Even if a diesel engine does use a pre-heating system like glow plugs, if the engine is warm enough or if it has been running quite recently you won’t need the glow plugs to warm up to start the engine so you can just start it instantly like a gas engine.

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Are diesel engines better at high altitude than gas engines?

Diesel engines do operate better at high altitudes than gasoline engines because diesel engines run a leaner fuel/air mixture. Because the air is thinner at altitude and gas engines run a very specific fuel/air ratio, fewer molecules of air per cubic foot means gasoline engines have to add less fuel to keep the ratio perfect and this adversely affects performance.

Turbo diesels add more air to the combustion chamber, and the more air that can be added also means more fuel can be added. At altitude, a diesel engine being able to pull in more air and more fuel than an equivalent gasoline engine inevitably means more power can be produced.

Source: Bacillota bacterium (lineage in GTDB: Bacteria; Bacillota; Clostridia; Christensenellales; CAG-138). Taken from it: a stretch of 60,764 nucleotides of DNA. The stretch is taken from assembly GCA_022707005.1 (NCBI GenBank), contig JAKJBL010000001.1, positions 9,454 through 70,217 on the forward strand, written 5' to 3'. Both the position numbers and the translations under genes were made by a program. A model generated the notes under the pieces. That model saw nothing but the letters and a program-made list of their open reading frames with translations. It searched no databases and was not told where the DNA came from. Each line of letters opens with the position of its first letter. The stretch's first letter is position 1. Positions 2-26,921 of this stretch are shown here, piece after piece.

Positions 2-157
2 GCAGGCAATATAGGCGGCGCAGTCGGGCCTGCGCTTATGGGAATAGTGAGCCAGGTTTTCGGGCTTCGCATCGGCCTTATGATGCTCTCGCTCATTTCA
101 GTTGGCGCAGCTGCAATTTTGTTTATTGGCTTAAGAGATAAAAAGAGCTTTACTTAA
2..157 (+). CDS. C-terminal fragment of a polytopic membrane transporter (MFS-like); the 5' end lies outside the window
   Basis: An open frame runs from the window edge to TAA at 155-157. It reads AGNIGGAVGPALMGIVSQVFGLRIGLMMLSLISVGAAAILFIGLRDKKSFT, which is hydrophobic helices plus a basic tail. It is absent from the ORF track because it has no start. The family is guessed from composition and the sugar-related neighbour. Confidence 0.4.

You’ll see very powerful gasoline-powered cars struggling in the mountains while diesel cars and trucks will effortlessly zip past them. As it gets colder and colder the higher up you get into the hills or mountains and diesel engines perform better than gas at altitude, it can be easy for drivers to assume that diesel engines are better in the cold than gas engines. The superior performance of diesel vehicles in these conditions is despite the temperature rather than because of it. It’s the altitude that’s helping the diesel perform better and not the temperature.